Precise synthetic tools generated in CIBSS-C are applied to interrogate how dynamic molecular signals are propagated and integrated into multicellular patterning. In CIBSS-D, advanced imaging combined with deep learning analysis and mathematical modelling yield unprecedented insight into how signaling processes occurring at different scale control stem cell dormancy, activation, expansion and differentiation in the context of intact organs.
Unlike animals that can move to find what they need, plants have to make the most of their immediate surroundings. Therefore, they must be exquisitely attuned to signals in their environment. This also holds true for roots, which sense the availability of water and nutrients, as well as the presence of symbiotic or pathogenic microbes in the soil.
These signals must be integrated with the overall nutritional status, which ultimately steers plant growth and development, including specific organogenesis programs on root organ level. In case of root symbioses, these developmental cues need to be aligned with the perception of microbial signals and organ-wide signalling events to allow symbiotic infections of specialised root cells.
In CIBSS-A, we dissect the dynamics of the signalling complexes in the root cells that sense soil factors such as symbiotic and pathogenic bacteria In CIBSS-B, the integration of signals in roots and their propagation to shoots is explored.
In CIBSS-D, advanced imaging techniques provide insight into nanodomains in the roots of legume plants. These root structures ultimately govern interactions with symbiotic soil bacteria and ultimately, the formation of nitrogen-fixing root nodules that can enable plants to grow without fertiliser.
The integrative understanding of signalling mechanisms in plants provides the basis for transferring beneficial traits to crop plants in CIBSS-C, with the aim of engineering signalling modules in crops that enhance resilience and reduce dependence on industrial fertilisers.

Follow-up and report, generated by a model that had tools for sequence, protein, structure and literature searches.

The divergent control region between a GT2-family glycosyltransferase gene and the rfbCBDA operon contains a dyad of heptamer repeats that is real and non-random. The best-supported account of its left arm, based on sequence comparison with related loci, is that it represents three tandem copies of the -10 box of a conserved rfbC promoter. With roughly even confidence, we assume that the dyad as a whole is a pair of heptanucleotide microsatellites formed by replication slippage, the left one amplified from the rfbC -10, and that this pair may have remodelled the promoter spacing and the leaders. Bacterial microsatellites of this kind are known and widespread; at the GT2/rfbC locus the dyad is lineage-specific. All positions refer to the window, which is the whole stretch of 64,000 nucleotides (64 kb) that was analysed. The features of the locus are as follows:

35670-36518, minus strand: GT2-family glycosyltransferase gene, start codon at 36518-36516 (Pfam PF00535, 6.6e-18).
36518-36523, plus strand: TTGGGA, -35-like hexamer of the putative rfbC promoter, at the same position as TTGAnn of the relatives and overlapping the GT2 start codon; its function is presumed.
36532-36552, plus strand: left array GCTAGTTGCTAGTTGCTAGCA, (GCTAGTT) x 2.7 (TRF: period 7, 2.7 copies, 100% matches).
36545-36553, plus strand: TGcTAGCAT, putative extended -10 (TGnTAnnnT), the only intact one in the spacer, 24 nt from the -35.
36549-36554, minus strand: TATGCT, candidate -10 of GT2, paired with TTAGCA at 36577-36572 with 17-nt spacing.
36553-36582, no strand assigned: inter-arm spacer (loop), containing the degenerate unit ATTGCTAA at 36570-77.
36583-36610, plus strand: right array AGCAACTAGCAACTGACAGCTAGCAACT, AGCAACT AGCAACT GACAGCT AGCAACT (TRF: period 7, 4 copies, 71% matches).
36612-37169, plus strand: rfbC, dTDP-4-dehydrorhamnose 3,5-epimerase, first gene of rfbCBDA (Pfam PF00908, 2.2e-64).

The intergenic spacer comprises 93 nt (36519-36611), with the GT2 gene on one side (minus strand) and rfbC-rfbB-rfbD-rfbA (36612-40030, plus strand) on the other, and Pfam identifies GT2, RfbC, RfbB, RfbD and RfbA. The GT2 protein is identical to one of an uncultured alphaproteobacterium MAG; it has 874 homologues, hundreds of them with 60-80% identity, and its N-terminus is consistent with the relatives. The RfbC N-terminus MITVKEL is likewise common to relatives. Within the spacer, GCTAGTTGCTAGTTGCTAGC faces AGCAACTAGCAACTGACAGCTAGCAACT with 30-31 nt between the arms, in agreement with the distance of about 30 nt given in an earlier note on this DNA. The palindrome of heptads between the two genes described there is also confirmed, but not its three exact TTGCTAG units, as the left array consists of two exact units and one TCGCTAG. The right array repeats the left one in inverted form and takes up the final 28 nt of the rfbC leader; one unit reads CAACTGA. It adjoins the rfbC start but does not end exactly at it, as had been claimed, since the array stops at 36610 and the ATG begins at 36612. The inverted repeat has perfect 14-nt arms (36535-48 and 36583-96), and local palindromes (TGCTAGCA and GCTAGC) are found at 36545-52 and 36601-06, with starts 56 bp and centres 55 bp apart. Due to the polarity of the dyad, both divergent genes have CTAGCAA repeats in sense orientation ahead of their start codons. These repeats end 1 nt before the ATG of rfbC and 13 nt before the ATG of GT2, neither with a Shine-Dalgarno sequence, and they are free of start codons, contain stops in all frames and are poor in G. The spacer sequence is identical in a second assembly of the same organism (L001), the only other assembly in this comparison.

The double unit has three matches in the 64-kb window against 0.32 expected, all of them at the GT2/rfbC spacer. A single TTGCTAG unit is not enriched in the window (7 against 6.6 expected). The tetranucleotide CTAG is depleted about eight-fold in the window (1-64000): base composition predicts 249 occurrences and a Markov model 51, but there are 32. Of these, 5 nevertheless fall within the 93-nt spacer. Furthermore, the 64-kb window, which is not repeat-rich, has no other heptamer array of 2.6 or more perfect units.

Immune cells are mobile and therefore face the unique challenge of constant exposure to new signals from ever-changing surroundings. Equally remarkable is the polarity of responses of which a single immune cell is capable: stay put or migrate, attack or tolerate, live or die.
To respond appropriately and to distinguish between harmless and harmful, immune cells must integrate and contextualize signals from their environment. And the stakes are high. Failure to attack pathogens or cancer cells can result in the spread of infection or cancer. Responses that are too strong or misdirected against the body’s own cells can result in inflammation or autoimmunity.
In CIBSS A, we study how the dynamics of immune receptor assembly and clustering, as well as the integration of signals from inhibitory receptors, translates to the organismal level in the formation of both acute and long-lasting immune responses. CIBSS-B investigates the multifaceted role of metabolism in the function of immune cells. Here the central question addressed is how metabolic processes and metabolites control signal transduction and gene expression to actively shape immune cell function and fate.
In CIBSS-D, high-resolution mass spectrometry will be applied to address proteome-wide changes after activation of immune signalling pathways. In CIBSS-C, we develop precision control-of-function technologies that are applied to better understand signalling dynamics of immune cell receptors. Furthermore, we harness new knowledge about immune receptor signalling to engineer improved cancer immunotherapies.